In English, we routinely use the word “faiths” to mean “religions.” No need to feel bad if you do this – I use it sometimes even though I am aware of the problems I will share below – but I want to explain the term reflects a larger distortion in how we understand religions. We are aiming at more than our word choice here – we’re hoping to improve our understanding of the diverse spiritual communities that populate our earth, our workplaces and our neighbourhood. Have some faith we can learn a little together and let’s go!
Do You Believe?
At every Catholic mass, attendees recite the Apostles’ Creed saying “I believe in God the Father….I believe in Jesus Christ, his Son….I believe in the Holy Spirit” followed by many other things one affirms belief in including the Catholic church, the forgiveness of sins, the resurrection of the body, etc. (the italics are mine). Having been raised in the Catholic Church, these words come to my lips effortlessly to this day. Only in studying other religions have I realized how unusual this declaration of beliefs is.
Now it is not that unusual for other Christians. Orthodox Christians also recite creeds and while most Protestants do not recite the Apostles’ Creed, Protestantism shares the enormous emphasis on belief. One of Luther’s slogans when he launched Protestantism was sola fide or faith alone, meaning you are not saved by good deeds but specifically by your belief! Eventually, Lutherans wrote down all the correct things to believe in their founding document, the Augsburg Confession. Other Protestants, like Jean Calvin, broke from Luther because he didn’t quite believe enough of the right things. A famous key belief in Calvinism is double predestination which states that God preordains who will go to heaven and who to hell. To this day, most Protestant churches state their beliefs clearly on their webpages (which you typically do not find on webpages for synagogues or Hindu temples). I am always particularly fascinated by Joel Osteen who has his congregation start every service with a kind of Biblical pledge of allegiance of what they believe (a practice he inherited from his father).
So what? Doesn’t this make sense? Shouldn’t a religious community state what it believes?
I offer no critique here. But my friends, I want you to understand that this is uncommon.
The Buddha, near as we can tell, did not tell people they needed to have faith in him. He hoped people would believe what he said was accurate but salvation (or in this case, liberation) would come from following his example to achieve one’s own enlightenment. In my travels to southeast Asia, I was repeatedly struck by how Buddhist temples do not have podiums or places for teaching sermons because instructing on proper beliefs is simply less central. They have shrines for the practice of devotion.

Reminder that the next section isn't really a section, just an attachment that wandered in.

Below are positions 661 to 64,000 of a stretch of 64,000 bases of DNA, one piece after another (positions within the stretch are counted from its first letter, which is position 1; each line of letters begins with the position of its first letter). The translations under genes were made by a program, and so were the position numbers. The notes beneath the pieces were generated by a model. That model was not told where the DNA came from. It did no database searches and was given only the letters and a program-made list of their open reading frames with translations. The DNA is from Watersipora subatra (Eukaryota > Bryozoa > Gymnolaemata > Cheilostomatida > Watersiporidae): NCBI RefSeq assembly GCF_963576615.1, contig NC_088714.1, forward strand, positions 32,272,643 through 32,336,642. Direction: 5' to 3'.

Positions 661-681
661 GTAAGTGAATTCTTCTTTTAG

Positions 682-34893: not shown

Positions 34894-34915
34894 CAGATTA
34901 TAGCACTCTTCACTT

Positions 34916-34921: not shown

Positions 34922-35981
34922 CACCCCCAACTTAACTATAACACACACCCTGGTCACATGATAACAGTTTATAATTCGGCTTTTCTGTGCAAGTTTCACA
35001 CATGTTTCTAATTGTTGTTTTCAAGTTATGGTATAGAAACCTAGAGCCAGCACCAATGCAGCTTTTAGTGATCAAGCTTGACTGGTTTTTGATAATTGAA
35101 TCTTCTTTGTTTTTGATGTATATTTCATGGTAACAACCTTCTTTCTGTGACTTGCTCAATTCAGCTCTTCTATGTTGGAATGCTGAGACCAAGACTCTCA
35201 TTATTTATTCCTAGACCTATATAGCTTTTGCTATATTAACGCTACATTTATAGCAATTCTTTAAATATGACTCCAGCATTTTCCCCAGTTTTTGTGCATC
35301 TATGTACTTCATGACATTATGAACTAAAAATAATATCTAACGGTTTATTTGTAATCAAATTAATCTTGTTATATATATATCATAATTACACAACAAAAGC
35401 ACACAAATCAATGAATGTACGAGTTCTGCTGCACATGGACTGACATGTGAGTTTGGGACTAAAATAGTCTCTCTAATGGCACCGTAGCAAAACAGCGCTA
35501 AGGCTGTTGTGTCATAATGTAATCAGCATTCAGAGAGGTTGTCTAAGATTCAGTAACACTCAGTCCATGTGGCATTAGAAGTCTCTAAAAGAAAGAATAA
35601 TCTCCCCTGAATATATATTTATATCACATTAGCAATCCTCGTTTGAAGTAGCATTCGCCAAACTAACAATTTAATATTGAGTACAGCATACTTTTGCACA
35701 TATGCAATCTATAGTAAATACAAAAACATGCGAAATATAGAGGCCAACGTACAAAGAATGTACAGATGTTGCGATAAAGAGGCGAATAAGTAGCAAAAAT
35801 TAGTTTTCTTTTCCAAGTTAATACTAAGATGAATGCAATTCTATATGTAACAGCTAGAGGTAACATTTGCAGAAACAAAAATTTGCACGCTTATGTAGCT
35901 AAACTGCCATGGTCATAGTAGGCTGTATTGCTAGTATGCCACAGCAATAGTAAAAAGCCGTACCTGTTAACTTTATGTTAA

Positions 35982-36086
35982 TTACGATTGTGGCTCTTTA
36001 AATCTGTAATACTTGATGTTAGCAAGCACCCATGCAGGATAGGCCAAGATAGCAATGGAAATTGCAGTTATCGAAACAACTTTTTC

Similarly, First Nations communities do not typically sit down and recite creeds. They engage in practices. They offer tobacco, they give prayers, they dance, drum, enter sweat lodges, go on vision quests and might interpret dreams. It’s a series of practices. There is no singular belief that will save you.
But surely these folks believe in some things? Yes, they do. Philosopher Kevin Schilbrack highlights the difference as “belief in” versus “belief that.” We constantly act in certain ways because we believe that the world is flat, or that you should eat healthy, or that Shiva is real. Christianity however has a very strong emphasis on belief in. One must believe in Jesus including that he is the Son of God and that he died for your sins. At a church, notice how many Christian hymns have congregants stand and belt out this very belief to emotionally powerful music (here’s one from Hillsong, the largest Christian music creator on earth. And here’s their musical version of the creed. Notice how all-pervading the word “believe” is.)
Islam and Judaism are a bit closer to the Christian worldview than Buddhism but not that much closer on this specific issue. They have things one should believe but scholars often describe them as traditions of orthopraxy (meaning correct practice) whereas scholars describe Christianity as grounded in orthodoxy (meaning correct belief). The Qur’an is revealed to a nascent Muslim community that lives in a world surrounded by Christians and hence, in the text, God says “say not we believe. Say we have submitted” (49.14). Submission here is about practice. In comparison, Christianity is, I think, the most belief-centric tradition on earth.
The situation is a bit more complex as some traditions (like Buddhism) have developed branches that are more belief in oriented. But suffice to say, if you think of religion as a series of statements that need to be believed in, you will miss how many religions are often about engaging in communal or devotional practices. Often, the rituals and practices around dress, food, and ceremony are as much about maintaining tradition as about a specific belief. Indeed, many Jews who do not believe may still have their kid do a bat or bar mitzvah. Sometimes the practice is the point.
So, in your school or workplace or in casual conversation, when possible, speak of religions rather than faiths. Without meaning to, the latter word forces other religions into a Christian frame. And I believe that may not be your intention.
Brian, I found this blog especially interesting. I knew an Anglican priest who spoke a lot about orthopraxy rather than orthodoxy in Christianity. I thank you for your explanation of the actual difference between “”faith” and “religion” in speaking with others.
Very interesting! Lots of food for thought. Thank you.